Michigan GOP slammed for comparing gun reform to Holocaust
The posts on Wednesday inaccurately claim that an 11-bill gun safety package proposed in the Democratic-led state Legislature would disarm all citizens. It includes a photo showing wedding rings removed by Germans from Holocaust victims
The Michigan Republican Party has received backlash from political leaders on both sides of the aisle for posts on social media Wednesday that compared the Holocaust to gun safety measures being considered in the state.
The posts, shared on the state party’s official Facebook and Twitter accounts, inaccurately claim that Democrats leading the Legislature are trying to disarm Michigan gun owners. A photo accompanying the message appears to match an image stored by the United States Holocaust Memorial Museum, showing rings confiscated from Jewish prisoners in a Nazi concentration camp.
“Comparing gun safety measures to the mass extermination of 6 million people is hateful and ignorant, and it comes from party leaders who are out of ideas and catering to the fringe of the fringe,” Democratic U.S. Rep. Elissa Slotkin, who is Jewish, wrote on Twitter in response.
The gun safety package was introduced by Democrats in response to two school mass shootings in a 15-month span, including last month’s Michigan State University shooting that took place less than 4 miles from the state Capitol. It would add universal background checks, requirements for safe storage and extreme risk protection orders, also known as red flag laws.
Red flag laws are intended to temporarily remove guns from people with potentially violent behavior through a judge's order and at the request of law enforcement or family members in hopes of preventing them from hurting themselves or others.
The 11-bill package was passed by the state Senate last week and still needs to be approved by the Democratic-led House before heading to Democratic Gov. Gretchen Whitmer's desk — who has said she will sign the legislation.
Democrats and Republicans swiftly condemned the posts and called for them to be taken down. Matt Brooks, chief executive of the Republican Jewish Coalition, responded to the Twitter post, saying it “is absolutely inappropriate and offensive and should be taken down immediately.”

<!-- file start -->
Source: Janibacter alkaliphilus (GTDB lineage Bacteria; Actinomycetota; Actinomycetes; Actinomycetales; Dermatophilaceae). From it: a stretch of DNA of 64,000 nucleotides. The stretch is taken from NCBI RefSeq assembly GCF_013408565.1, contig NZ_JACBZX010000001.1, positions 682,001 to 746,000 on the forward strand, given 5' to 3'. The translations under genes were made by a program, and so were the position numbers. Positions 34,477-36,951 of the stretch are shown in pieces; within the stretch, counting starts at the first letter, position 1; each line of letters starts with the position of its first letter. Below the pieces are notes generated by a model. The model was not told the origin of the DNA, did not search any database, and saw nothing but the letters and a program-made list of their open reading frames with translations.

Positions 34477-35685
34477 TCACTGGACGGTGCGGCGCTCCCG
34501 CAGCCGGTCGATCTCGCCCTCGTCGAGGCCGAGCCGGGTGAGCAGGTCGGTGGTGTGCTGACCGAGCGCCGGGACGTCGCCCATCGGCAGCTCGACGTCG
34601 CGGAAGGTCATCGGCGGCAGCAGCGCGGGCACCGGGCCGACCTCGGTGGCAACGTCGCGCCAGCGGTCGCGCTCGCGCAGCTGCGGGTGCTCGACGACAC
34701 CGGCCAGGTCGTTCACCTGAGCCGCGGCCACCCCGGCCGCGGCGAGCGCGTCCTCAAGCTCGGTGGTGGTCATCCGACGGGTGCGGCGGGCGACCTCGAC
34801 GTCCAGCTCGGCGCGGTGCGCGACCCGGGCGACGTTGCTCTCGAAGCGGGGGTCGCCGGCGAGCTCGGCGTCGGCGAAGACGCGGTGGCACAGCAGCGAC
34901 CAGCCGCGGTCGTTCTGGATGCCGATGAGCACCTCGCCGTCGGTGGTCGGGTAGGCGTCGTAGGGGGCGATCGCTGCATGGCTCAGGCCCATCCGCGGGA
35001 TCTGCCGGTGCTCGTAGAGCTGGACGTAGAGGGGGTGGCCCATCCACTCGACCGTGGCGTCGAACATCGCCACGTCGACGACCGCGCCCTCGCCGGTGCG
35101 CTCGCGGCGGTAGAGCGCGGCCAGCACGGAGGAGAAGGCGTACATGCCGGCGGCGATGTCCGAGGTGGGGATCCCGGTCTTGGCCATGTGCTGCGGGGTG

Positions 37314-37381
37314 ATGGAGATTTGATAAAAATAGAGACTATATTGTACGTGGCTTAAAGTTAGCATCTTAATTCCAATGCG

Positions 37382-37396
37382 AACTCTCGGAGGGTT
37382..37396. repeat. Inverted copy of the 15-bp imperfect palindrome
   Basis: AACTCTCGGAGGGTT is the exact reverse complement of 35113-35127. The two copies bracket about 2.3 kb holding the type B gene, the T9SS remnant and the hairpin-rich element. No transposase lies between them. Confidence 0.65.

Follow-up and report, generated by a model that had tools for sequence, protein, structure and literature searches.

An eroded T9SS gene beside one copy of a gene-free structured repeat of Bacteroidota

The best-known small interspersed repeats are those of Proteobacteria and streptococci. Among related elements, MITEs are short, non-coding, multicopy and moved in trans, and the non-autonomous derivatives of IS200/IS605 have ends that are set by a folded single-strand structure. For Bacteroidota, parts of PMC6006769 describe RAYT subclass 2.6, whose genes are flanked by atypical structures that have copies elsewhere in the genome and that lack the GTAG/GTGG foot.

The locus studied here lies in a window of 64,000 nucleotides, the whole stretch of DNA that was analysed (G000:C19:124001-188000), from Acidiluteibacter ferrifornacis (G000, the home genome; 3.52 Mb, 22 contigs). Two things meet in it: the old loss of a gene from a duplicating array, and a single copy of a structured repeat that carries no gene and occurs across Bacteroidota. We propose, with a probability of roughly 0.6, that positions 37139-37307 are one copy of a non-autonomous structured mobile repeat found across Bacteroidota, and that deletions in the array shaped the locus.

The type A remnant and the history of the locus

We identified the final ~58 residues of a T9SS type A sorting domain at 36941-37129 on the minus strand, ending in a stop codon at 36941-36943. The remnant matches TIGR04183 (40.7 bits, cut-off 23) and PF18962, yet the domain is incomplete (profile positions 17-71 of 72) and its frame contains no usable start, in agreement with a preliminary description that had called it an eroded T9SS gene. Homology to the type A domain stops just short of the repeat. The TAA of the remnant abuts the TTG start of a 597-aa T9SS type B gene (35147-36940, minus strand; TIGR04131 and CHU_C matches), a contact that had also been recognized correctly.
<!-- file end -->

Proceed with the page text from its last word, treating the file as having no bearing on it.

The Anti-Defamation League separately tweeted that “using the Holocaust as a way to score cheap political points in the debate over gun control is unacceptable and trivializes the memory of millions murdered by the Nazis."
Recently-elected Michigan GOP chairwoman Kristina Karamo wrote on Twitter that the state party “stands by our statement" and added that the Democratic party “currently fights to murder unborn children” and is attempting to “disarm us.”
A former community college professor, Karamo lost her secretary of state race in the 2022 midterms by 14 percentage points after mounting a campaign filled with election conspiracies. After winning the GOP chairwoman seat, she inherited a state party torn by infighting and millions in debt.
The social media posts follow a recent wave of comparisons to the Holocaust and Nazis that scholars and organizations have said are concerning.
Pope Francis compared Nicaragua’s repression of Catholics to Adolf Hitler’s rule in Germany earlier this month, while in Britain, a BBC sportscaster likened the nation’s asylum policy to 1930s Germany, resulting in his brief suspension and a national uproar.
Earlier this month, a man was charged with threatening the lives of Jewish Michigan public officials, after tweeting that he would "carry out the punishment of death to anyone” who is Jewish in the state's government.
Michigan had the fourth most reported white supremacist propaganda of any state in 2022, according to the Anti-Defamation League.